Running legacy operating systems in the public sector proved to be a big issue during the recent ransomware attacks across the United Kingdom.

The government needs to set aside specific funding for cybersecurity of critical services. With everything they are dealing with on the terrorism front, security services can't be expected to prioritise protecting their internal systems over and above protecting the public.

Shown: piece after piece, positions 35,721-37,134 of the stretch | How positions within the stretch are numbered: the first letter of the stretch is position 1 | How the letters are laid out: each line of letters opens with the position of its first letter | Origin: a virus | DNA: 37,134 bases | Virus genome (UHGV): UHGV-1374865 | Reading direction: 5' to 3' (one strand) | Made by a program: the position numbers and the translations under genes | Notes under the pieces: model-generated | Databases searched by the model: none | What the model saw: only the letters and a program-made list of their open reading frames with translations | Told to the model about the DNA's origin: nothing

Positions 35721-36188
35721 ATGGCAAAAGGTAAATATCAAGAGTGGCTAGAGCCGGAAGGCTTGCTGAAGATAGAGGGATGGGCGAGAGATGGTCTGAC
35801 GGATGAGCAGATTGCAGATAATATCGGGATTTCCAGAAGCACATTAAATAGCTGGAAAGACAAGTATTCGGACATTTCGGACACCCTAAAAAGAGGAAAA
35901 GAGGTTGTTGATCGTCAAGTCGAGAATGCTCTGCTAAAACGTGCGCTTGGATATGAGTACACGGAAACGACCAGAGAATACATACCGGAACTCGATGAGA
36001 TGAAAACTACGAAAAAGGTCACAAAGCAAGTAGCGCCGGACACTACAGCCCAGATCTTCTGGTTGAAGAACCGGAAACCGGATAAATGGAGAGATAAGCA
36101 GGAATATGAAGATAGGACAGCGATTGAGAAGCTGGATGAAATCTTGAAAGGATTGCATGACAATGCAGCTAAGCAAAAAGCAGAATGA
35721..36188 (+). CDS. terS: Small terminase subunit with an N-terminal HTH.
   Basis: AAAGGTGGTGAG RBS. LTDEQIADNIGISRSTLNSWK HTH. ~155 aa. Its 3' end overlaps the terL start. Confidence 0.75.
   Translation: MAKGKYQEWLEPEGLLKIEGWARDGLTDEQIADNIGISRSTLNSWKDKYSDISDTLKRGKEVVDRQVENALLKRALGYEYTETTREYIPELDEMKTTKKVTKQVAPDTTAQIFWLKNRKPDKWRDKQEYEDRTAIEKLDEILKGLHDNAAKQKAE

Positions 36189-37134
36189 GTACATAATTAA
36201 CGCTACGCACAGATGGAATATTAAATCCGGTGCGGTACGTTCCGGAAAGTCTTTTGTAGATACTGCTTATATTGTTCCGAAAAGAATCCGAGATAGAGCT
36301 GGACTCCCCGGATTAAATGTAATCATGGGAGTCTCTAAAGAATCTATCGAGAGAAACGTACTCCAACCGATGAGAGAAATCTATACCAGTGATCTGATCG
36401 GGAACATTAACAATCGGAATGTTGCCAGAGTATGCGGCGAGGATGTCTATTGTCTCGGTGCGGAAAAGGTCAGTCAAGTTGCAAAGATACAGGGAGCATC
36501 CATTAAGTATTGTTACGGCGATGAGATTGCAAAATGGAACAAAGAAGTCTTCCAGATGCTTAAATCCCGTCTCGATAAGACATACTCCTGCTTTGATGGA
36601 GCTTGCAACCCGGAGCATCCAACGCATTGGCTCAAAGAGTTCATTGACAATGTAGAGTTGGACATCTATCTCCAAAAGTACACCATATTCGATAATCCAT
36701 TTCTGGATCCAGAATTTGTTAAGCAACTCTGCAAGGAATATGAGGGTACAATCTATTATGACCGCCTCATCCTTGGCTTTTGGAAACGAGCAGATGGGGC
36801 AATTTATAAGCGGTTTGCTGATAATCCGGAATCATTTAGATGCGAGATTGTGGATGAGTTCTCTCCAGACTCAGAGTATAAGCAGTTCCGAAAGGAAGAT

Organisations still running these legacy operating systems, that can't be patched, need to put in place additional controls. 

At a minimum, they need to monitor these systems closely. They need to look at who has access to them and look for changes in behaviour. These systems are often the initial compromise point, so it's critical that any unusual activity is caught early.